Cashless: not the complete solution

JCM Global considers what a cashless system could mean for the future of payments

O 26 DECEMBER 2020

ver the past several decades there has been a steady shift towards cashless payments, from magnetic strips to chip-and-pin (EMV) to completely digital wallets. This year, the trend has accelerated due to COVID-19. But,

while people aim to limit physical interactions through cash-handling, they could well be overlooking some of the bigger flaws of a completely cashless society – from lack of accessibility to merchant costs. There are many aspects to consider when it comes to

cashless payments, so let’s take a look at what cashless transactions actually are, some of the risks of a cashless world, and how the future of payments might look.

Popular types of cashless payment

While it may surprise some, cashless payments are actually nothing new – arguably, even cheques could be considered cashless payment! Debit and credit cards have been in use for decades, and offer secure transactions attached to a bank account. In more recent years, many of these cards have transitioned to chip-and- pin (EMV) and eventually to contactless systems, which rely on NFC (near field communication) or RFID (Radio- Frequency Identification) technology. Bank cards as a whole are still the most preferred method of cashless payment across all age groups. However, cards are increasingly being folded into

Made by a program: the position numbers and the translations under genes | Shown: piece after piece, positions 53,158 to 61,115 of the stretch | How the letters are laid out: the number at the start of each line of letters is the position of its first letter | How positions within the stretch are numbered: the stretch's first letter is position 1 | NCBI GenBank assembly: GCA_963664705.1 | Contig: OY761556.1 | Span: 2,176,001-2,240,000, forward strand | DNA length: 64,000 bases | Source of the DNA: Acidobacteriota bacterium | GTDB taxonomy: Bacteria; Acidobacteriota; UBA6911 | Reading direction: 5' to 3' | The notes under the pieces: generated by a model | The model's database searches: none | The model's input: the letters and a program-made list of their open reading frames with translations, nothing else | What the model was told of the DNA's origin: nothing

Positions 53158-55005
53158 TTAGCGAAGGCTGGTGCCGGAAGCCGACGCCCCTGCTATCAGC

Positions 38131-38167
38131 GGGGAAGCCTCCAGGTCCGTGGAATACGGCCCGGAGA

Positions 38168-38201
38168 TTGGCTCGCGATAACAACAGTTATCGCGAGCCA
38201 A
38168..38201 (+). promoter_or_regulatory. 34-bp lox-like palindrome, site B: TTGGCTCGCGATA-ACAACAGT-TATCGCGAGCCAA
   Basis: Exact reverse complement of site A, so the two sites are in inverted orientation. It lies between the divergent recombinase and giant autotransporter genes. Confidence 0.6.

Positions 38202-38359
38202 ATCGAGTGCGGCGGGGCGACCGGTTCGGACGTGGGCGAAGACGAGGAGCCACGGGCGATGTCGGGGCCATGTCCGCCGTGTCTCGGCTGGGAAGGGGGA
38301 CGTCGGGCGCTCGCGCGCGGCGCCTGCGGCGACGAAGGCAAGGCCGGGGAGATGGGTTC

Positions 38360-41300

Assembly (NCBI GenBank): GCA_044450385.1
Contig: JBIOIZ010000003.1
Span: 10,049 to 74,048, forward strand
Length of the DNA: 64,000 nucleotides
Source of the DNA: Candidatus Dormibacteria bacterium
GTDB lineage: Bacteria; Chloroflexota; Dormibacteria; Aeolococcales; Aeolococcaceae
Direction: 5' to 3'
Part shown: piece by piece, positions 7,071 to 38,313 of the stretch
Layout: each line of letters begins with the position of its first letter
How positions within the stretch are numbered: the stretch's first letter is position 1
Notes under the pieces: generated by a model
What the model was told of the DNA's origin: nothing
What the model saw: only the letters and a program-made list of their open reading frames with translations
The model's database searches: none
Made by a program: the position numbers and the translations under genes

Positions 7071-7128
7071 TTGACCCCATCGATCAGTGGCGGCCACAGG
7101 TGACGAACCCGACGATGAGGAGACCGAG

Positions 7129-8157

digital wallets, which are able to store the card data with contactless capability, meaning there is no need to carry a physical card. While “digital wallet” is often used to

refer to any non-physical payment program, there are actually three distinct types: Digital Wallets, E-Wallets and Mobile Wallets. Digital wallets, as mentioned, store information from credit cards, debit cards, and more. A user’s money stays in the bank account associated with that information, and the digital wallet replaces the physical cards. An e-wallet, on the other hand, is a method of prepayment, whereby money is loaded onto and withdrawn from the platform via a bank account proper. Mobile wallets refers to apps that can be either of the previous models (or a mixture of both) and use a phone’s NFC capabilities or QR-reading abilities to make cashless payments in the physical world — two of the best-known examples of mobile wallets are Apple Pay and Google Pay. In addition to bank cards and digital offerings, there

are also prepaid cards (the physical precursor to e-wallets), gift cards and vouchers. While often overlooked, they make up a notable part of the cashless ecosystem, whether open-loop (which allow users to spend money in multiple places) or closed-loop (location-specific, such as within a gaming operation).

What drives the trend of cashless transactions

Regardless of the type of cashless payments people are using, there is a broad shift being driven by larger trends and specific players. First, there is the general digitalisation of society, with numerous aspects of our everyday lives being shifted either online or to apps.

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